I was born in a city called Frunze in what is today Kyrgyzstan. I was very lucky that I was born into an incredible family. My mother’s father, Reb Mendel Schneerson, was a brother of Reb Boruch Schneur who was the Rebbe’s grandfather, which really means that my grandfather and the Rebbe’s grandfather were brothers.
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In 1937, my uncle Reb Zalman Schneerson was sent to Paris by the Previous Rebbe, Rabbi Yosef Yitzchok Schneersohn, and we followed him there ten years later in 1947. At that time, Paris was full of Jewish refugees, and one of them was Rebbetzin Chana, the Rebbe’s mother who managed to get out of Russia and who stayed with us in our home.
The Rebbe – who was not the Rebbe then, but the son-in-law of the Previous Rebbe – came from America to Paris to escort his mother to New York. At that time I was two years old, and I had a favorite song which I sang while sitting on the Rebbe’s lap.
In 1954, some seven years later, when we came to New York for an audience with him, the first thing he said to us kids was, “Children do you remember me? I remember you!” And then he asked me, “Do you still sing the same song?” Can you imagine – after all that time?!
The other thing that stands out in my mind about that audience is my mother asking the Rebbe for a blessing for a sick woman in Paris and getting no response from the Rebbe. Thinking that perhaps he hadn’t heard her, my mother asked again, and again the Rebbe didn’t answer her. After the audience there was a big discussion about this among the family. My mother said, “Why didn’t he answer?” And my brother said, “That was the answer – no answer is also an answer.” The woman passed away soon after that.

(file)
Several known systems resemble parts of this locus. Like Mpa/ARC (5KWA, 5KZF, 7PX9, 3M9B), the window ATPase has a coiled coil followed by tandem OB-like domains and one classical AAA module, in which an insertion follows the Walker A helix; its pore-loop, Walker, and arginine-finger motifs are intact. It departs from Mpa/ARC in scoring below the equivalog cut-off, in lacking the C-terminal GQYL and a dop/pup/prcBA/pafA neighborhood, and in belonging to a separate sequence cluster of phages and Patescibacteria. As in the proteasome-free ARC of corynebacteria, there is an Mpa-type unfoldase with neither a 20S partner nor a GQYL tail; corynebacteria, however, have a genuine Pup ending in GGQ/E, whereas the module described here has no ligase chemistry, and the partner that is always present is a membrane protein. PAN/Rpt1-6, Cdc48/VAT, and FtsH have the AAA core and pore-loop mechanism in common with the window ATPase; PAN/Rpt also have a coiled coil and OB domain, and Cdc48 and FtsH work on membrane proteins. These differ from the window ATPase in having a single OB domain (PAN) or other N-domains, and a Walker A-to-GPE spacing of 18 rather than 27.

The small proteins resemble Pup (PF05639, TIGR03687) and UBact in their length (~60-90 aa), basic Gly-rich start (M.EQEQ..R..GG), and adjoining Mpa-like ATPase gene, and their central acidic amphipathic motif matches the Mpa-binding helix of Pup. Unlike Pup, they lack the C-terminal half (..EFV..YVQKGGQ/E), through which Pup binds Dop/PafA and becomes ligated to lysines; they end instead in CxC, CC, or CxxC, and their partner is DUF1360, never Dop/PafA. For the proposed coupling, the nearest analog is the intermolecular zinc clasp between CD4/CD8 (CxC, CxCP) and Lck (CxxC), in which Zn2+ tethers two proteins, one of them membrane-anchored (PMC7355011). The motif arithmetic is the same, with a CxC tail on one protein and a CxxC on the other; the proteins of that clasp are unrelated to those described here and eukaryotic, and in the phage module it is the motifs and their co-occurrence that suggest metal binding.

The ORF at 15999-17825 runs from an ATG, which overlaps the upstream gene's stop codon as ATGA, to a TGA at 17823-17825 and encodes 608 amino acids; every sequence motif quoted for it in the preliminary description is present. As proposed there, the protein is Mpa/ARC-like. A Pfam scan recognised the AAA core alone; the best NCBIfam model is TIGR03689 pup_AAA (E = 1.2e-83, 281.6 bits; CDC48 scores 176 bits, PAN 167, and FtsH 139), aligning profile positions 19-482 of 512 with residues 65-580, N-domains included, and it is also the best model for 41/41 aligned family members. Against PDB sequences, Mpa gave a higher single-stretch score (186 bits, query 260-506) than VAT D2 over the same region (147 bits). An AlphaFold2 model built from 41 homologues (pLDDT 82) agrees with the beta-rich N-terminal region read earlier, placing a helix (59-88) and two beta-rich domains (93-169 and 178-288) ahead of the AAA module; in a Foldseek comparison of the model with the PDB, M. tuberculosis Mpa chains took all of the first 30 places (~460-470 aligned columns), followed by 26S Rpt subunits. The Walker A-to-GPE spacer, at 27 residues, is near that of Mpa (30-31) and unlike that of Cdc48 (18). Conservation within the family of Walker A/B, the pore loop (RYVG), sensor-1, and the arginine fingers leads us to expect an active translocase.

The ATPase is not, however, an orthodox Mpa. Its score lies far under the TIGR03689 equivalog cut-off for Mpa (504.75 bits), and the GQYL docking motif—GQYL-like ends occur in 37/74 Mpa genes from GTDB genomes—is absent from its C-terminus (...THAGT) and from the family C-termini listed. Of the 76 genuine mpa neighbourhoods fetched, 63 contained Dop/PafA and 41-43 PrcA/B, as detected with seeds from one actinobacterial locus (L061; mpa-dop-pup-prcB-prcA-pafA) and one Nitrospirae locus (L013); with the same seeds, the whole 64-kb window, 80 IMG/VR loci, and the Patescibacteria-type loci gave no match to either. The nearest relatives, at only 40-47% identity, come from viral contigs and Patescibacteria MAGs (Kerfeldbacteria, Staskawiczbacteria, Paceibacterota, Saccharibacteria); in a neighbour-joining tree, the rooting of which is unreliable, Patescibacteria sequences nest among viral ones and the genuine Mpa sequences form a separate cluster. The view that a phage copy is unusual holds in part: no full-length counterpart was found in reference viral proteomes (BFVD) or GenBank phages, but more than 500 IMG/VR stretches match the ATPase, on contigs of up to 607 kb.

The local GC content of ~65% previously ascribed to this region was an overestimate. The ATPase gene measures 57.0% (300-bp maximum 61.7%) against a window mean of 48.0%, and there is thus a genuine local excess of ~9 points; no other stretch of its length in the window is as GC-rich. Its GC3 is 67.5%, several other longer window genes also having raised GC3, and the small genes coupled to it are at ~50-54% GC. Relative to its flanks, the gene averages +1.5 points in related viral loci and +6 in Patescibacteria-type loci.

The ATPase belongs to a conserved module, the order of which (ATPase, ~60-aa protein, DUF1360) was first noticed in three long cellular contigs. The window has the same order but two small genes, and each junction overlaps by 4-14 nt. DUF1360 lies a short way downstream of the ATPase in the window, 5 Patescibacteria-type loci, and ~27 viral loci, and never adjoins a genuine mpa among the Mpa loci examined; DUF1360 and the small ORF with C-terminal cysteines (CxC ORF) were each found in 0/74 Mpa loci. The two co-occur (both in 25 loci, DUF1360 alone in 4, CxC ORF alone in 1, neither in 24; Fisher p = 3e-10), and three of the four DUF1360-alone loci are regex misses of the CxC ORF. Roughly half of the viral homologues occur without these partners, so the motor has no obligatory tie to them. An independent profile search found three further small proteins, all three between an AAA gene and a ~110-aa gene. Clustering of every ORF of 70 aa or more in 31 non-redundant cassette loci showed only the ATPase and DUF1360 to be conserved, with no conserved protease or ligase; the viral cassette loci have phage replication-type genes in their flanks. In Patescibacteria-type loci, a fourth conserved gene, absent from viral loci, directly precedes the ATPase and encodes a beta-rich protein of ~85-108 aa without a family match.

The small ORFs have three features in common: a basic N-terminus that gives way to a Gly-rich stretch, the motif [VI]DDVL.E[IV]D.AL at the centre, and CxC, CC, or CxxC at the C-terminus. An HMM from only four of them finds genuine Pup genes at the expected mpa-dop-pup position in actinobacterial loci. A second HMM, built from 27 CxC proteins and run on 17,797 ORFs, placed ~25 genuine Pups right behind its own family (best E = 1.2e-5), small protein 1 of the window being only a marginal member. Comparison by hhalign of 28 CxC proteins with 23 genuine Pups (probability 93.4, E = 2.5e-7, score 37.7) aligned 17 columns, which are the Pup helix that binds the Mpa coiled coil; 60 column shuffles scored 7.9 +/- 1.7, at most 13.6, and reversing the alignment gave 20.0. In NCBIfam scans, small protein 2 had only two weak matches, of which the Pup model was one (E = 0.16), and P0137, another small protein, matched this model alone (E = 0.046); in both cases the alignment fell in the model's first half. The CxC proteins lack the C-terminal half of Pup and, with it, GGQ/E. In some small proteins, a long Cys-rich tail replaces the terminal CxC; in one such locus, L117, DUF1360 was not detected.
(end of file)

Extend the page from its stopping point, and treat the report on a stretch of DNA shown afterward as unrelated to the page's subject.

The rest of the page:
Subsequently, my family moved to Montreal, where I lived until I reached ninth grade. Then I came to New York to attend a Bais Yaakov school. After that I got married and ended up living in New Haven, Connecticut, which was not very far from New York. During those years, I had many encounters with the Rebbe.Of course, for every audience with the Rebbe, I prepared as best I knew how. But for one particular audience, I remember I took extra special care. To this day, I remember what I wore, and I remember that I put on my make-up very carefully. But when I walked into the Rebbe’s room, the first thing that he said to me was, “Why are you so pale?” Now I had plenty of make-up on, so I shouldn’t have looked pale, but the Rebbe saw right through it. He said, “Maybe there is something wrong with your blood.”
The next day, I went for a blood test, and it showed that I was anemic. The Rebbe saw right through the make-up, as he saw right through everything, in general.
There was the time – in 1967 – when I attended the convention of N’shei Chabad, the Chabad Organization for Women and Girls in Detroit. When the convention ended, I found myself with 20 other ladies waiting to board the plane for home – where my husband and the other ladies’ husbands were anxiously waiting – and hearing that the flight was cancelled. There was a snow storm and nothing was flying.